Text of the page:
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Health-care expenses and home repairs represent other common motivations for obtaining reverse mortgages, as well.
Aging baby boomers
One stumbling block to reverse-mortgage originations has been a persistent lack of understanding of the HECM program. This comes from brokers who don't know how to qualify to participate in the program and from homeowners who mistakenly believe they must turn over ownership of their homes to a bank.
These misconceptions also are changing as more baby boomers turn 62 and gain eligibility for reverse mortgages. These potential reverse-mortgage borrowers tend to have more familiarity with debt financing, such as that offered by home-equity loans. For many baby boomers, it doesn't seem unusual to tap into their home equity.
A 2008 AARP report on readiness for retirement noted that many baby boomers nearing retirement will find that housing equity makes the difference between a difficult retirement and a comfortable one.
Sealing the deal
By affiliating with FHA-approved lenders, independent brokers can gain access to all FHA programs. These brokers can receive reverse-mortgage applications and have them funded by the FHA-approved mortgagee.
Although brokers must be FHA-approved to originate HECM and other FHA-insured mortgage loans, two different levels of approval are open to brokers under HUD-established restrictions. An FHA-approved loan correspondent, or mini-eagle, often is the easiest approval to obtain. Brokers can originate and process HECMs and other FHA loans. A sponsor underwrites the loan, and the loans can be closed by that sponsor or the broker correspondent.
The mini-eagle approach is similar to the forward wholesale channel, in which a mortgage bank funds a broker's loan. In the FHA reverse-mortgage world, however, it's an FHA mortgagee funding the correspondent's loan.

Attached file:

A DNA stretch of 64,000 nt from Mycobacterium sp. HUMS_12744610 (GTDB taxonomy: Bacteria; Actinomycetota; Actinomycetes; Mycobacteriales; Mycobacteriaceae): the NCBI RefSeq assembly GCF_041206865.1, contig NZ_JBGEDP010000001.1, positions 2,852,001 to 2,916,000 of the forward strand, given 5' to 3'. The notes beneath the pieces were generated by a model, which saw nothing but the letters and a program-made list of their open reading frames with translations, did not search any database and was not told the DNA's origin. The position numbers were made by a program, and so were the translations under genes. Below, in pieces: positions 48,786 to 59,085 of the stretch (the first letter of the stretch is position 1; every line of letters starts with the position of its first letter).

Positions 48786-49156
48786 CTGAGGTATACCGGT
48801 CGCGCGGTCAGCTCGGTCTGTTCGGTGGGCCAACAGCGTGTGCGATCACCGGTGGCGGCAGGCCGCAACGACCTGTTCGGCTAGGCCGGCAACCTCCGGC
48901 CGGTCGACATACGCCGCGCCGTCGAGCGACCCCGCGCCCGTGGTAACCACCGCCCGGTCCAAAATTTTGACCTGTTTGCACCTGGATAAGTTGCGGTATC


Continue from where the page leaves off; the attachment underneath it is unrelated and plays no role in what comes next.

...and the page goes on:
This brokerage relationship with the FHA's stamp of approval allows brokers to do reverse mortgages as well as low-downpayment, government-insured loans. It's also a supervised relationship, with the FHA supervising the broker as a correspondent, which is especially important in light of fraud concerns. It adds a layer of protection and can offer brokers additional credibility with consumers.
The other level of FHA approval is mortgagee, or full eagle. These brokers can process, underwrite and close loans in their name.
At some point, however, they must qualify for direct endorsement. These mortgagees also can contract with another mortgagee to be their agent in processing and underwriting HECM loans.
Brokers also should note that various companies offer online and other technology-based loan-origination systems that help FHA correspondents originate reverse mortgages, provide proper disclosures and serve other customer needs. In addition, a restriction established by the Housing and Economic Recovery Act of 2008 prohibits lenders from subsidizing HECM counseling.
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As reverse mortgages become a necessity for more older homeowners looking to avoid foreclosure, eliminate debt and manage cost-of-living increases associated with aging, mortgage brokers who take the right steps and educate themselves can be ready to help.
Robert D. Yeary is chairman and CEO of Reverse Mortgage Solutions Inc., which provides private-label subservicing as well as a state-of-the-art loan-origination system for reverse mortgages. RMS is the fourth-largest servicer of reverse mortgages in the country.
Yeary has held many senior-executive positions in his nearly 40 years in the mortgage industry. Before forming RMS, he was a consultant to Senior Loan Link. Contact Yeary at (281) 404-7818 or email@example.com.
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